In case you didn’t notice, we’ve moved on from 1969. We’re fast-forwarding four years to the 1973 season. There was little to get excited about in 1973 than 1969. In fact, the Padres won only eight more games. However, the one glimmer of hope for San Diego came in the form of a frizzy-haired lefty. On April 16, 1973, Padres fans would get their first glimpse of Randy Jones. Or at least they would read about it.
During the daylight hours of the New York City summer, the Padres took the field against another relatively new franchise, the New York Mets. Playing in Shea Stadium, on a plot of land that at one time was supposed to keep the Dodgers in New York, the Padres were a small fry in the Big Apple. It was a normal day in baseball, one in which Bob Gibson won his sixth game of the season, Bobby Bonds hit his 17th home run, and the Cubs extended their National League East* lead to 4.5 games over the Montreal Expos. Yet on this normal day, the Padres would be exposed to a pitcher who would one day find his number retired in San Diego.
*The divisions were split by just East and West during this era.
Mike Caldwell started the game for the Padres. He would finish the 1973 season with a 5-14 record, and this game would do nothing to help that record. In all Caldwell would go on to have a very respectable career. He won 137 games verse 130 losses, had a career 3.81 ERA, and threw 23 complete games for Milwaukee in 1978. Yet on this warm day in Flushing, New York, Caldwell would come up short. He would throw just three innings, give up six hits, walk two, and allow seven runs.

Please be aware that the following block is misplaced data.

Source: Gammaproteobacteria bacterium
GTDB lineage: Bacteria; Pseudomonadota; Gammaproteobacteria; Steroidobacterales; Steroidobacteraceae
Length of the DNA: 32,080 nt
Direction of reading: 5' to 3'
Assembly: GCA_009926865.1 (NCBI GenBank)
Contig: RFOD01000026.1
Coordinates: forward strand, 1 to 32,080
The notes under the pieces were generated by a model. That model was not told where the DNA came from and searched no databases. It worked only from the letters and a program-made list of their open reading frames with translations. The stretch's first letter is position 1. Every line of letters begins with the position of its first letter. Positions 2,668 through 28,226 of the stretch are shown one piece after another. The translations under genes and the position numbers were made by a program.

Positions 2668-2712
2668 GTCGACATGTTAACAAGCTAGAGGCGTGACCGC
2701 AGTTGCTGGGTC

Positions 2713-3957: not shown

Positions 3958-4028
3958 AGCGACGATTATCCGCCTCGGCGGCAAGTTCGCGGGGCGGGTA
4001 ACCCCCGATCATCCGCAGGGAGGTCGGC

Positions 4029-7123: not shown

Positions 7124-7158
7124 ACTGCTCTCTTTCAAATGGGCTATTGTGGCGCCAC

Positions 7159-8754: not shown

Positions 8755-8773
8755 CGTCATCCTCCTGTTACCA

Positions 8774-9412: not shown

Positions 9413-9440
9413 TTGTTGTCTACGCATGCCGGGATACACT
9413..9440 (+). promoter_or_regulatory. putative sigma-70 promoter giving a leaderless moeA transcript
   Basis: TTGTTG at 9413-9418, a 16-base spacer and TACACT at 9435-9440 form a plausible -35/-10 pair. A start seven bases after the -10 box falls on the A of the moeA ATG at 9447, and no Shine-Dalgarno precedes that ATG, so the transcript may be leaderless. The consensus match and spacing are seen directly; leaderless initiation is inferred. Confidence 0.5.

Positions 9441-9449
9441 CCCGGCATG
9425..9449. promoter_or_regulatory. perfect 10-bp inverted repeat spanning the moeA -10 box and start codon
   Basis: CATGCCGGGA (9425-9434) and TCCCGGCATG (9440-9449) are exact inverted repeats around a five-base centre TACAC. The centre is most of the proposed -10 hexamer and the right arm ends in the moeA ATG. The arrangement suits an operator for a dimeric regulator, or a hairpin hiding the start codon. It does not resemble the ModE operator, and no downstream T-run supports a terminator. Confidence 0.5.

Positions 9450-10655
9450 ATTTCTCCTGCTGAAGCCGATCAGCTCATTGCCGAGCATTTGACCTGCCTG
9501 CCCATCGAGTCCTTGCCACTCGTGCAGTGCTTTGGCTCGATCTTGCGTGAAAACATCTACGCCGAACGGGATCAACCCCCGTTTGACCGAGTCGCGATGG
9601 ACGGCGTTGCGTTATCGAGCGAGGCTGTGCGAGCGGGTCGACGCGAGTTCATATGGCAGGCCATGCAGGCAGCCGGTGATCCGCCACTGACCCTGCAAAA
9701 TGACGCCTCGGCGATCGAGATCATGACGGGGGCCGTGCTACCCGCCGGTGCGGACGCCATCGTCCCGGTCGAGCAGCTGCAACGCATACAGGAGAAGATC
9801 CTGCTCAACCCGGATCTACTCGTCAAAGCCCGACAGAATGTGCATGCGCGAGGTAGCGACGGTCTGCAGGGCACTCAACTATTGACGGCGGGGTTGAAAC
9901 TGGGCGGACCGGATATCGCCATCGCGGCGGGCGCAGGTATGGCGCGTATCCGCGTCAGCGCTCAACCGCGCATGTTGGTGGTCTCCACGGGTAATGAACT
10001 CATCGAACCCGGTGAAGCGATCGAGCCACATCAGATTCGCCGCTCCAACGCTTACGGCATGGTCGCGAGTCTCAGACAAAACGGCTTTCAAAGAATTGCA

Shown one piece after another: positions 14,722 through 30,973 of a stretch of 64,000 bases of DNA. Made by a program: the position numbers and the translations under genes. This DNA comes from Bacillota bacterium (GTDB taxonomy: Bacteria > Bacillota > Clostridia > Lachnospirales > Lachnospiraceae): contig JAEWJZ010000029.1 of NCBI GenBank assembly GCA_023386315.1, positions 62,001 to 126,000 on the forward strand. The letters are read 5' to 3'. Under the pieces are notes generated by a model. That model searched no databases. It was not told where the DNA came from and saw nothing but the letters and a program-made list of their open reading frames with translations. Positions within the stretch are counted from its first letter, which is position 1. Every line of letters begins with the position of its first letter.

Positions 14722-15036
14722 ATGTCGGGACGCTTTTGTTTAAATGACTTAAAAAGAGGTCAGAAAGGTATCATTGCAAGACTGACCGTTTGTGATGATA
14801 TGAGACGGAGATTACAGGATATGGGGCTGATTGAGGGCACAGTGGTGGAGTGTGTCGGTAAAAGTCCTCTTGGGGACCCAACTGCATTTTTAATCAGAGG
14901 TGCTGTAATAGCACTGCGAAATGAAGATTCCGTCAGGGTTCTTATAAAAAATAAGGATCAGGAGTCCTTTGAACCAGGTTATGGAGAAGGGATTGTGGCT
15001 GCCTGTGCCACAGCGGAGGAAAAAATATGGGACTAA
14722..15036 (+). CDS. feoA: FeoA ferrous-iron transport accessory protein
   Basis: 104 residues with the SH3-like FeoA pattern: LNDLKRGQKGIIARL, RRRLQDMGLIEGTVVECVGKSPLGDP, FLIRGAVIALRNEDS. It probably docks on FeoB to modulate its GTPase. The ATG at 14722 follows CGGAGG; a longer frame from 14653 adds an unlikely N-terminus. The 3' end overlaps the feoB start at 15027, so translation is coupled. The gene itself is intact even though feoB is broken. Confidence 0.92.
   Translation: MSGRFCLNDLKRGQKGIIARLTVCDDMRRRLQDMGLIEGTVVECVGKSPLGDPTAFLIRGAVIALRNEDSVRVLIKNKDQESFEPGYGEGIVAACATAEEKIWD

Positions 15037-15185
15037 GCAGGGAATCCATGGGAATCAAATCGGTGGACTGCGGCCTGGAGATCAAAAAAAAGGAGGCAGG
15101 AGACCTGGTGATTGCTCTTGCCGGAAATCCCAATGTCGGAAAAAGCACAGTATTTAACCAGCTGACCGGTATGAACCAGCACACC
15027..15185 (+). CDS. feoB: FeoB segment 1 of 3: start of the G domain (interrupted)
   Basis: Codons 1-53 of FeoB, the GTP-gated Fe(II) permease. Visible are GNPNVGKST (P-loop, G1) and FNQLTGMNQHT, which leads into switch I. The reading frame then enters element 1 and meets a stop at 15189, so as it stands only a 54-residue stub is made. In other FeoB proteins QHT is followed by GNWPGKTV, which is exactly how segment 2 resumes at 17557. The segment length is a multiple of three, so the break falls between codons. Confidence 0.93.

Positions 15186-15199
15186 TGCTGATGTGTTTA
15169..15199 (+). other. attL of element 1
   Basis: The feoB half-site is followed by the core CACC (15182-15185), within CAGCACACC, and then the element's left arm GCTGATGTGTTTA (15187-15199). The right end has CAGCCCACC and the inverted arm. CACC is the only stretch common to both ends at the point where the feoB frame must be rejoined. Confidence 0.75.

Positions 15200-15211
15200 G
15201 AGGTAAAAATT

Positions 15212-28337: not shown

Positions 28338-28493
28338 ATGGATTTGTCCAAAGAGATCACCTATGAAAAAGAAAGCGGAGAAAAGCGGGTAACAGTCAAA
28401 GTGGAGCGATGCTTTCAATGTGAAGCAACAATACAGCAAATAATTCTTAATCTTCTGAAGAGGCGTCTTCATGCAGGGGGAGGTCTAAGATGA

After Mike Corkins and Rich Troedson came in and collectively pitched one inning and gave up no runs, Randy Jones was given his shot. Jones grew up in California, played high school ball in California, played college ball in California, and eventually was drafted in the fifth round by the San Diego Padres. And on June 16, 1973, he made his Major League debut.
It was the bottom of the fifth inning when Jones climbed the Shea stadium mound and marked his first trip to a Major League mound. The first batter he faced, Ted Martinez a skinny utility infielder who would play nine years in the league, quickly ground out to Jones. Jones would then retire the next two batters in the inning for a perfect start to his career. Unfortunately, the sixth inning was next for Jones.
In the bottom of the sixth, Jones was facing Willie Mays. Mays was in the last year of his career, but still showed flashes of power. He hit six home runs in 66 games with the Mets. And one of them was about to come off Randy Jones. With no one on base, Willie Mays took Jones deep. Jones would proceed to give up two more straight hits before getting an out in the inning. He would give up just one more hit in his debut game. He gave up a one-out hit with runners on first and second. The hit came off the bat of Jim Fregosi. Fregosi was two years removed from appearing in five straight All-Star games. He drove in Felix Millan, a three-time All-Star himself. That would do it for Jones.
His debut started out about as promising as any start to a career could. A perfect frame. However, as is often the case with young pitchers, Jones imploded in his second inning of work. The relief appearance would be his only appearance out of the bullpen in the 1973 season. He would go on to start 19 games in 1973 and post a 3.16 ERA. It was a solid start to a career that would eventually lead Jones down the path of being one of the Padres all-time best players.
Thanks to Retrosheet for providing the box score from this game.